Improved Arundel on verge of sneaking into playoffs

May 08, 1992|By John Harris III | John Harris III,Staff writer

In 1985, most of the players on the Arundel High softball team were just starting to learn the basics of the game in youth leagues in third or fourth grade.

That was the last year that the Wildcats appeared in the playoffs. All-County players Marilyn Andujar and Linda Wallace led the Gambrills school to a 14-4 record under Coach Rod Clark.

In 1992, junior windmiller Traci Koenig and a crew that includes only four seniors have Coach Don Banks' 9-7 contingent on the brink of gaining the fourth and final spot in the Class 4A Region IV playoffs.

But first, they must nudge perennial power Glen Burnie (9-7) out of fourth place. To do that, Arundel must beat both South River (5-11) today at home and Broadneck (2-13) at its home diamond on Monday.

Then, the Gophers must lose one of their remaining games against defending state champion Chesapeake (14-1) or Meade (4-13). The odds of this happening aren't bad, although Glen Burnie recently thrashed third-place Old Mill (13-2).

Arundel is one of the most improved, if not the most improved club in the county this season.

In 1989, Banks' first year, the Cats finished 4-13. In 1990 and 1991, they went 8-10 and 7-10, respectively. Even with those subpar seasons fresh in his mind, Banks was relatively optimistic about his team's chances to make the postseason.

"I knew we had the potential to be pretty good this year, and, so far, it's been a great year," he said. "We've beaten the teams that we knew we could beat, and we beat Glen Burnie, too, which was crucial.

"With a little more luck we could have won three more games. We lost to Northeast twice by one run, and we also lost to [15-2] North County, 1-0. If we could have won those close ones, we'd already be in."

After winning its opener against Southern, Arundel lost consecutive games to Northeast, Severna Park and Chesapeake. Following the mini-skid, the Cats took seven out of the next nine. Before Tuesday's 8-4 win over Queen Anne's, they dropped games to North County and Northeast.

The Wildcats' resurgence didn't seem to take veteran Glen Burnie coach Bob Broccolino by surprise.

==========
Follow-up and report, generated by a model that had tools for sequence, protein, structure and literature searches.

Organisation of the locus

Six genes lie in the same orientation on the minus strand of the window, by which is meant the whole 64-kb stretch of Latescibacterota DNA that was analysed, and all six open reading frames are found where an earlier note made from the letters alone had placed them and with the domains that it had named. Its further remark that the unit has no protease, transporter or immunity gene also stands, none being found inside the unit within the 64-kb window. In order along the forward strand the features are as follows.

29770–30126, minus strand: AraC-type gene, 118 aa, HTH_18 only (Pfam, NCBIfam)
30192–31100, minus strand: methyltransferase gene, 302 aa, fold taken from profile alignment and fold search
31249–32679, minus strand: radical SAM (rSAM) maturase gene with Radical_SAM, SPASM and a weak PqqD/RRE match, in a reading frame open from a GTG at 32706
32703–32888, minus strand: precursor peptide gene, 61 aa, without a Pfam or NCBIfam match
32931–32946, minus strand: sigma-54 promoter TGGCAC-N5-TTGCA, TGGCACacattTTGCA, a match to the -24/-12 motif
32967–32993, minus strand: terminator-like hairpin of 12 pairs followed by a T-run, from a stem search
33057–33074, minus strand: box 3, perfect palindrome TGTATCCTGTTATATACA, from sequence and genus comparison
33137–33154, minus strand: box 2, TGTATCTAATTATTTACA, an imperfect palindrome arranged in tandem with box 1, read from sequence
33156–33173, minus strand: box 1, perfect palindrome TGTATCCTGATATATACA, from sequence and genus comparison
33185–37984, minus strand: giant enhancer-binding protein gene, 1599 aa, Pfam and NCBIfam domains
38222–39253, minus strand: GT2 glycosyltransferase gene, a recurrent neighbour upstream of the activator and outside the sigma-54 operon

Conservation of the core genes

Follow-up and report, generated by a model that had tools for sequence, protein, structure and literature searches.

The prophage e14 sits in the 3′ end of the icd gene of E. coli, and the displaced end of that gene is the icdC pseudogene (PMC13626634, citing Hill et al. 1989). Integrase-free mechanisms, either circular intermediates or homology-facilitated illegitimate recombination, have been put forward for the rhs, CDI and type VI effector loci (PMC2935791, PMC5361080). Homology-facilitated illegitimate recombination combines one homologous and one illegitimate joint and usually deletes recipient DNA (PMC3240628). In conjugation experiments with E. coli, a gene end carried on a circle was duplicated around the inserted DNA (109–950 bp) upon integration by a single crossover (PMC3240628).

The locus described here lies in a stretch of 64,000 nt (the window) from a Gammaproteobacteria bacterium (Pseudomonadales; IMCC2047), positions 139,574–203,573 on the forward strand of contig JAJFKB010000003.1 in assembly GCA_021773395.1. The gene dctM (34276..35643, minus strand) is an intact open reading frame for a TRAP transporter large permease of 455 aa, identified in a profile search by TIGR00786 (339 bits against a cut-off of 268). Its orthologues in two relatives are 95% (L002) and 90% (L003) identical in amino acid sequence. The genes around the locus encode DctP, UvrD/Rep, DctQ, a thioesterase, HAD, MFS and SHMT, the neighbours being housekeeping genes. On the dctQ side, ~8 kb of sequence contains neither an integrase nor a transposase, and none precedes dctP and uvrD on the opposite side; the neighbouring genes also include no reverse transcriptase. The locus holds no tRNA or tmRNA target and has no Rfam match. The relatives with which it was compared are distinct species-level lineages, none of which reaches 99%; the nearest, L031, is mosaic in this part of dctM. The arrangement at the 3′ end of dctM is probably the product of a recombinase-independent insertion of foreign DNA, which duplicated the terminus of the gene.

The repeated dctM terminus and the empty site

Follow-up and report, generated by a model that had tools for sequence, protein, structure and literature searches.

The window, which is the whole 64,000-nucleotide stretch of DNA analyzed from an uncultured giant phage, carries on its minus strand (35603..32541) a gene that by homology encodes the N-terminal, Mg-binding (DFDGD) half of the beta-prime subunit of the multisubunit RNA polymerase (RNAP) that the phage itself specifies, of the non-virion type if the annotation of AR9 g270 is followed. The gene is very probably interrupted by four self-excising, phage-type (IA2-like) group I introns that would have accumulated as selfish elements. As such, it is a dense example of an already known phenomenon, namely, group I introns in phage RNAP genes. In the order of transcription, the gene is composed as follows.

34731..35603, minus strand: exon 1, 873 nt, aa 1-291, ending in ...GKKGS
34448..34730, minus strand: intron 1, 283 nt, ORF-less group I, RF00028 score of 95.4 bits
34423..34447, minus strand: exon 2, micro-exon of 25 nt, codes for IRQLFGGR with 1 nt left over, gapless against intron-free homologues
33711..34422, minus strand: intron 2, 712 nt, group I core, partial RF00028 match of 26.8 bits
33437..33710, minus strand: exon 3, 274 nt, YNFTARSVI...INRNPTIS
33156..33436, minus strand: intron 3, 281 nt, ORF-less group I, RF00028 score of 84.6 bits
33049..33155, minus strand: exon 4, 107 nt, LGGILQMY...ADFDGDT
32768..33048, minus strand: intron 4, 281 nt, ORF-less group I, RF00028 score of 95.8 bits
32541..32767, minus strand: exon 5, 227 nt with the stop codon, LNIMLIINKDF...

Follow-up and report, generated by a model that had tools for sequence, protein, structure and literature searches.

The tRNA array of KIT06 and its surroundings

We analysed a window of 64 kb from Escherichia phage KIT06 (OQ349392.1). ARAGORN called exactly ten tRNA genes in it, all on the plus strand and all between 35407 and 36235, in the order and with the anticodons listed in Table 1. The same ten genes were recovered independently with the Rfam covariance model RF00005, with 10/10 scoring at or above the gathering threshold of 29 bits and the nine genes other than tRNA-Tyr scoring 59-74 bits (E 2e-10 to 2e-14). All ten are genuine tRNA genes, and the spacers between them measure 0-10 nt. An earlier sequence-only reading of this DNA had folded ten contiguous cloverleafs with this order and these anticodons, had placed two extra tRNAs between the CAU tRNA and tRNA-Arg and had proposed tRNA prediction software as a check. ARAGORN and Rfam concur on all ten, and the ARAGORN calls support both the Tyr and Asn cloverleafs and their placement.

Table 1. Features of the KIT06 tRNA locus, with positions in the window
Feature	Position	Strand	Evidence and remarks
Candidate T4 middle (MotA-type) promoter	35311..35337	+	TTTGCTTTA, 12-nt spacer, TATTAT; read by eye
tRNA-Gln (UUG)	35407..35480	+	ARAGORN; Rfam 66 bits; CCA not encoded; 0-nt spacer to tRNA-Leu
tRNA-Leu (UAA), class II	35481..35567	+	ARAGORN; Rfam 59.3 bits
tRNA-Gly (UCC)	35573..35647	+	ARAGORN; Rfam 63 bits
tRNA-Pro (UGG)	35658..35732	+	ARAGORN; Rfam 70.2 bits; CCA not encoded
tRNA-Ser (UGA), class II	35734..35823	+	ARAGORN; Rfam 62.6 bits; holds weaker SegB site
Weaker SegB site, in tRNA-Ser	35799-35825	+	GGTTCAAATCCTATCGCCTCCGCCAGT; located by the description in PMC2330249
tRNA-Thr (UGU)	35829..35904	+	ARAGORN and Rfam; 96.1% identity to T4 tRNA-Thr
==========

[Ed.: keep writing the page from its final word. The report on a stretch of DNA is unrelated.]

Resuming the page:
"I figured it would be us, Severna Park [7-9, sixth place] and Arundel competing for the [fourth] spot," he said.

"I knew they would be better than last year's team," said Broccolino, whose club was beaten soundly, 15-2, by Arundel on April 13. "They had a lot of quality people coming back."

Koenig, 17, has been the Wildcats' workhorse on the mound, earning every decision. In 108 innings pitched, she has a 1.60 ERA, amassing 115 strikeouts (7.1 per game) with only 24 walks (1.5 per game) and has yielded fewer than five hits per game with 77.

The Crofton resident, who possesses a fastball in the low 50-mph range and a deceptive change-up, has caused opposing hitters problems, while also providing her own squad with plenty of offense.

She's tied for the team lead in batting average (.458) and hits (22) with first baseman Michelle Harrison (second in RBI with 13) and is also first in RBI (16), runs scored (19) and at-bats (54).

"I hope we can win both [games], and I hope that Chesapeake beats Glen Burnie," said Koenig. "I think [having a shot a the playoffs] will pump us up and make us play that much better."

Koenig's battery mate Heather Daffin, a teammate of Koenig's since their days together in Crofton's youth program, is third on the team in hits with 18 and sports a solid batting average of .353 with 10 RBI.

Freshman infielder Amanda Hall is second on the team in runs scored with 13, while seniors Tara Beauchemin (shortstop) and Pam Phipps (third baseman) are tied for fourth in RBI with eight.

First-year assistant coach Paul Yannuzzi, described by Banks as "a big plus" for the program, has helped to play an important role in the Wildcats' success. Yannuzzi, a former coach at Severna Park (76-37 career), brought with him the experience and know-how to help Banks build a contender.

"There definitely is a difference between being the head coach and assistant," he said. "Now I get to work with the kids on more of an individual basis. I don't have to plan the practices, I can concentrate on working on the kids' skills.

"It's been different, but it's still been fun, and Don has been very easy to work with," Yannuzzi said.

The easy-going Banks says he is looking forward to the final games of this season -- and beyond -- and offered advice to his team before yesterday's practice.

"I just told the girls to relax, have fun and let everything take care of itself," he said. "Because next year, with most of my team coming back, we won't be able to sneak up on anyone like we did this year."

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